Posted in On Wax on August 19th, 2014 by H.P. Taskmaster
The swing and analog garage fuzz of Ragged Barracudas‘ debut 7″ are immediate. Putting on “Living the Dream,” the A-side, is like unearthing a relic. Something you stumbled on from the stage just before punk became punk, when rock was heavy without realizing it, and the drugs were friendly but the vibe still a touch dangerous. They’re a modern trio from Germany, and you’d be right if you called them retro, but Ragged Barracudas sidestep most of the tropes and Sabbath/Graveyard-isms of the modern European throwback movement in favor of an acid rock sound more obscure, and ultimately, more original. Vocals and drums are blown out and the bass and guitar — layered in the first quick solo part — are warmly toned and more or less daring your stereo system to be older, but drummer/vocalist Christian Dräger, guitarist Janik Ruß and bassist Tom Weiten show off something of a jammy sensibility as well, both in the later stretches of “Living the Dream” and deeper into side B’s “Cheap Allure/Motor Jam.”
Pressed in an edition of 600 black-vinyl copies and released through an assortment of labels that includes Unholy Anarchy, Cardinal Fuzz, At War with False Noise, and Who Can You Trust? Records, the 7″ really gets down and dirty on the B-side. Listening to the record — that is, the physical version — I couldn’t even tell where “Cheap Allure” ended and “Motor Jam” started, but it became clear with the stream on Who Can You Trust?‘s Bandcamp. “Cheap Allure” slows down some of the jet-engine stutter in the main riff of “Living the Dream,” but is catchy in a subtler way and, with a stop preceding an instrumental finale, puts its boogie tradeoffs into a different perspective — just because you see the shuffle coming doesn’t mean you don’t still want to get down. Ruß trips out a psychedelic soul-o and Dräger holds back on vocals to dedicate himself more fully to the forward drive, which stomps to a finish before “Motor Jam” announces its arrival proper with dueling layers of ultra-buzzsaw riff fuzz with some sweet low end buried underneath. That part of the B-side is less than two minutes long, but I’d have been fine if Ragged Barracudas had filled the whole side with it. That’s not to take away from “Cheap Allure,” which most definitely lives up to its title, just to say that “Motor Jam” — named for the Netherlands’ Motorwolf Studios in Den Haag, where the single was recorded — gets locked in during its short runtime and sounds like the band could’ve easily carried that vibe further.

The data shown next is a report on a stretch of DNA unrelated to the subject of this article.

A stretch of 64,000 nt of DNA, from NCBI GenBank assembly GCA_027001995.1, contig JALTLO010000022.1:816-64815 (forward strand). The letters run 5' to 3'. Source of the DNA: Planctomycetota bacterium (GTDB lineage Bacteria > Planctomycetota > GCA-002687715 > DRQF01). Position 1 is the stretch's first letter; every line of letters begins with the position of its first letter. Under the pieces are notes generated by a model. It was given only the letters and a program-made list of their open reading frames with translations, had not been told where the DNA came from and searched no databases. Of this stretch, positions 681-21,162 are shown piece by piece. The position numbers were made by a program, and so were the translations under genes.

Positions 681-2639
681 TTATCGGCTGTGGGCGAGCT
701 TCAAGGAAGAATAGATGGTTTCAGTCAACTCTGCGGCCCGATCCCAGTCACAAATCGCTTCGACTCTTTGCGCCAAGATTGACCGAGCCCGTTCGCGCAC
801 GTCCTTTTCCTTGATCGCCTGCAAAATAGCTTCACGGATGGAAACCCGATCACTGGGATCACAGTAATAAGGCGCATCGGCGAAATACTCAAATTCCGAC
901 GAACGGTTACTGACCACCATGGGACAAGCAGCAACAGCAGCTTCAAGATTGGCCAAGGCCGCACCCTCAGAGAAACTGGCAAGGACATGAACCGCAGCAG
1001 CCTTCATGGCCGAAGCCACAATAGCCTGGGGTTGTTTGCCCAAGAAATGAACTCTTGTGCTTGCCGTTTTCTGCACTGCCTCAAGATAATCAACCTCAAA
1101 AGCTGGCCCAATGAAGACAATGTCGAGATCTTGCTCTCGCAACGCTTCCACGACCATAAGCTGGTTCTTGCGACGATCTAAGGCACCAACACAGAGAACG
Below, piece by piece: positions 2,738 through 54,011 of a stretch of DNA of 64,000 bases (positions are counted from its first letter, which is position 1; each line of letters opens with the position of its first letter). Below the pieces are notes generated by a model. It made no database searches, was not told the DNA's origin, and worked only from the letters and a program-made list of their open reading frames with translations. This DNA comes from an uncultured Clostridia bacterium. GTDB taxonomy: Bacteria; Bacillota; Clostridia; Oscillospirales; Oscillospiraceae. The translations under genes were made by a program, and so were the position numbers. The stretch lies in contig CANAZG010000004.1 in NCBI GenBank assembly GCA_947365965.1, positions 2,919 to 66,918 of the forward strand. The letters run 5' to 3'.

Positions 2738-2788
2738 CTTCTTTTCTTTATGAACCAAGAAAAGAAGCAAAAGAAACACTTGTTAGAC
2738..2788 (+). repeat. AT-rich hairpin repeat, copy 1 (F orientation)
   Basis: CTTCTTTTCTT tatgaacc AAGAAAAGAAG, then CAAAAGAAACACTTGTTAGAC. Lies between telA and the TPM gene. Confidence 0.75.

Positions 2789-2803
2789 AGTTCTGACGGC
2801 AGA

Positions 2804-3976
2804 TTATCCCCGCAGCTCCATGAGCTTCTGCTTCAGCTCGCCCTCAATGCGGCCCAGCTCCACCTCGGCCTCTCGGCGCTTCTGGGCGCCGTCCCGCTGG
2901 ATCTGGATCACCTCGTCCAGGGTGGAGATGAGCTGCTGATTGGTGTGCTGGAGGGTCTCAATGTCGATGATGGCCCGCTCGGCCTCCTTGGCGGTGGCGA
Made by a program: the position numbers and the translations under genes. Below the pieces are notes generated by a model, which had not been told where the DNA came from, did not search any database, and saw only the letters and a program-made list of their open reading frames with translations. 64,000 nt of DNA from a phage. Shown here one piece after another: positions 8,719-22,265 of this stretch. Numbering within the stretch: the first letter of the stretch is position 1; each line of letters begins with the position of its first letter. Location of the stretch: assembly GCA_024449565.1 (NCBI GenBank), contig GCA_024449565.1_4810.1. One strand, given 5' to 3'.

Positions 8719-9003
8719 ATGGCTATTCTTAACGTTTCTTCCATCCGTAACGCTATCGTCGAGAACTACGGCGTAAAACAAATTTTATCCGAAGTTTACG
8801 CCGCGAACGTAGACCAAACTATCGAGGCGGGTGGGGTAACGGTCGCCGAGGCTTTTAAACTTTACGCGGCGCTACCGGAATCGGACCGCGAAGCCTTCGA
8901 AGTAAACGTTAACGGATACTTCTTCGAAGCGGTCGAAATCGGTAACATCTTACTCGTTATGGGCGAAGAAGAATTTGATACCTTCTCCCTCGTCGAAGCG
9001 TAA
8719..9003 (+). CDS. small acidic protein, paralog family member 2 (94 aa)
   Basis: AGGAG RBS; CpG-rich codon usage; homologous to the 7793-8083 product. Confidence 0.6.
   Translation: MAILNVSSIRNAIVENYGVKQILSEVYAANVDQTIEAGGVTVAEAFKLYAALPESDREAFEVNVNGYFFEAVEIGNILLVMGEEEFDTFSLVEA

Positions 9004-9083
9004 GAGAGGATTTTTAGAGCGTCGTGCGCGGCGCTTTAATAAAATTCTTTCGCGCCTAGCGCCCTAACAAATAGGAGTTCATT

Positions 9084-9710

They don’t, however, and ultimately, “Living the Dream and “Cheap Allure/Motor Jam” conk out after 11 minutes or so of raw righteousness. Probably best for Ragged Barracudas to keep it short, since the classic spirit they’re going for — and, I’d argue, attain — did likewise, but I’d be interested to hear how they manage over the course of a longer release, even if it’s just a 10″ EP, and if their analog-worship holds up as their methods expand. For now, and for this single, the simpler they go, the better off they are, and in capturing a raw, heavy, proto-punk sound, Dräger, Ruß and Weiten show that there’s room for nuance both in primitivism and in traditional structures. Bonus points for the killer Adam Burke cover art.
Ragged Barracudas, “Living the Dream” b/w “Cheap Allure/Motor Jam” (2014)
Posted in Reviews on August 18th, 2014 by H.P. Taskmaster